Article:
Blame it on the alcohol?

High ground

In the wake of several embarrassing incidents involving intoxicated students, Dartmouth College has announced plans to enact a hard liquor ban on its campus in addition to the implementation of a mandatory four-year sexual violence prevention program.

Dartmouth’s actions represent a relatively extreme response to a problem that spans colleges and universities throughout the United States. President Phil Hanlon has a clear intention: to foster a safer and healthier environment for students. While the intentions of the faculty are undoubtedly noble, I question the wisdom of the hard alcohol ban.

The primary reason for banning hard liquor is to end high-risk behavior from students. The link between alcohol and sexual assault on campus is relatively clear. A number of peer-reviewed journal articles have noted that on average at least 50 percent of college sexual assaults are associated with alcohol use, not counting those that go unreported. What is not clear is whether that link is correlational or causal. When considering it as causal, one might cite how heavy drinking interferes with the brain’s communication pathways and adversely affects mood and behavior and impairs judgment. It is not uncommon for perpetrators of rape to claim that excessive alcohol consumption reduced their inhibitions and blurred their ability to recognize consent. Hanlon used those facts to justify the ban.

Will the policy be successful? Well, one must consider other parts of the policy besides the ban. One of the commendable consequences of the sexual violence education program that is being implemented at the same time as the hard alcohol ban is that it encourages dialogue, publicizing and raising awareness of the important issue of sexual assault on campus. Ignoring the problem of rape and sexual assault on college campuses has undoubtedly been harmful. Teaching about the issue and spreading awareness will dispel misconceptions about rape and hopefully create an environment of personal responsibility and control though societal pressures and conventions. The solution lies in education and changing mentalities. I am fairly certain that sexual assaults will decline at Dartmouth. However, the decrease will be in response to identifying and teaching about the issue, not the hard alcohol ban.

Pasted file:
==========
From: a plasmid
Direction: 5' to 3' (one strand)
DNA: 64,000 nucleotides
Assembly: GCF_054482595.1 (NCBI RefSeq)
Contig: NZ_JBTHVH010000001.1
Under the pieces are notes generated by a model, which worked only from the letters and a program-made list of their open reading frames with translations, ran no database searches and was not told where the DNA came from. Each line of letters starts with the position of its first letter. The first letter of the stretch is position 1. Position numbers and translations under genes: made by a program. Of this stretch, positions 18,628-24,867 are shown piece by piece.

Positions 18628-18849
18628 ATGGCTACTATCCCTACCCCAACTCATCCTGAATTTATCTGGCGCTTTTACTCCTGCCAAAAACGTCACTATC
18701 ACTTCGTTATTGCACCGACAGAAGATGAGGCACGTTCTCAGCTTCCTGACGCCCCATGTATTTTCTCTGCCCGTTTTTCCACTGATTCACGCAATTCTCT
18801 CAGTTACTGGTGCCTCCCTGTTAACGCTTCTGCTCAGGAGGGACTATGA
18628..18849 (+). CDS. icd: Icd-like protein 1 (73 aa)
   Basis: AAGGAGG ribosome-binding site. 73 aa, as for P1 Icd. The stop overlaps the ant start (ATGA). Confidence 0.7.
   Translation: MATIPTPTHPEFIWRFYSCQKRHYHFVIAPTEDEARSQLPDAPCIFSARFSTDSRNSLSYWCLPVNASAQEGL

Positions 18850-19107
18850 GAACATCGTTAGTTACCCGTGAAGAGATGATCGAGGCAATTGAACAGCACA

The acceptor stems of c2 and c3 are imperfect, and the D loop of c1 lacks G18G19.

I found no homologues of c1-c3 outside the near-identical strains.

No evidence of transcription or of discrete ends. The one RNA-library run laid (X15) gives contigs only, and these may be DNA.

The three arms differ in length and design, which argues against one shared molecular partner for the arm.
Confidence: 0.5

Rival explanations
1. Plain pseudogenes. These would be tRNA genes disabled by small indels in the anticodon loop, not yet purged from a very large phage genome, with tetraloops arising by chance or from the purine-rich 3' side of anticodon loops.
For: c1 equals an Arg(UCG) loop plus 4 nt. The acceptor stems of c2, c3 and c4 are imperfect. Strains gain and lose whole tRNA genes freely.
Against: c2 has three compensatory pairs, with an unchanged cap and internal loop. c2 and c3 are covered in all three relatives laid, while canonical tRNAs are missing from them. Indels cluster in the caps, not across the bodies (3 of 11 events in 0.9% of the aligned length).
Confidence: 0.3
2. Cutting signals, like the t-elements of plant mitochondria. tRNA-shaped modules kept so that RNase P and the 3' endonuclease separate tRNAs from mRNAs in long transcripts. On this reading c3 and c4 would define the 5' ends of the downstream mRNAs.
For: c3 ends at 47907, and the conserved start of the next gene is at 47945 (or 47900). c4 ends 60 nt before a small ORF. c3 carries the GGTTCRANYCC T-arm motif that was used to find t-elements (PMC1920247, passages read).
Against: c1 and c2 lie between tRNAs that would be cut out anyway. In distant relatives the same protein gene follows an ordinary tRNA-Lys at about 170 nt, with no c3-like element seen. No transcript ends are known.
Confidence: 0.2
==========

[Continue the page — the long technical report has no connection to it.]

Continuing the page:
Hopefully, that reduction will not be used to advocate banning hard liquor on other campuses. The problem of sexual assault is deeper than binge drinking or wild parties. Rape has been the focus of numerous studies and surveys attempting to answer the question of why men rape. The answer is complex. Sexual assault is not the result of reckless drinking, just because the first sometimes follows the second. Research has indicated that the horrible act has roots in intensely personal issues such as animalistic urges, brooding insecurities and the intoxicating power trip that can accompany control.

Others have called attention to a societal component as well, dealing with how society views and depicts sex, violence and women. A ban on hard liquor simply does not address the heart of the issue. It instead restricts liberty and treats students as too untrustworthy to partake in a privilege that otherwise would be protected by the 21-and-over law. There is such a thing as drinking responsibly, and exposure to alcohol and social drinking are very real parts of life. Shocking, I know. I myself enjoy a drink from time to time; it helps me unwind. A huge concern I have with the policy is the enforcement. A strict no-tolerance policy means the administration will have to come down hard on those who break the rules—otherwise students will continue to covertly drink. Someone not unlike you or I may be reprimanded or expelled for acting without any malice whatsoever.

Whether or not you agree with recreational drinking is your own concern, but you cannot deny its popularity and prevalence. Collective punishment because of a few bad eggs not only glosses over the problem, it punishes those who otherwise enjoy the activity and drink responsibly. And perhaps more importantly, the across-the-board ban impinges on the freedom of students to make the choice whether or not to drink hard alcohol. It will be interesting to see how the new policy will affect life on campus and how the students will respond. As it stands, all I can say is I am glad I did not attend Dartmouth College, where students are not trusted to make a choice that millions of people make every day: to drink hard alcohol responsibly.

Chandler Holcomb is a Junior at Case Western Reserve University.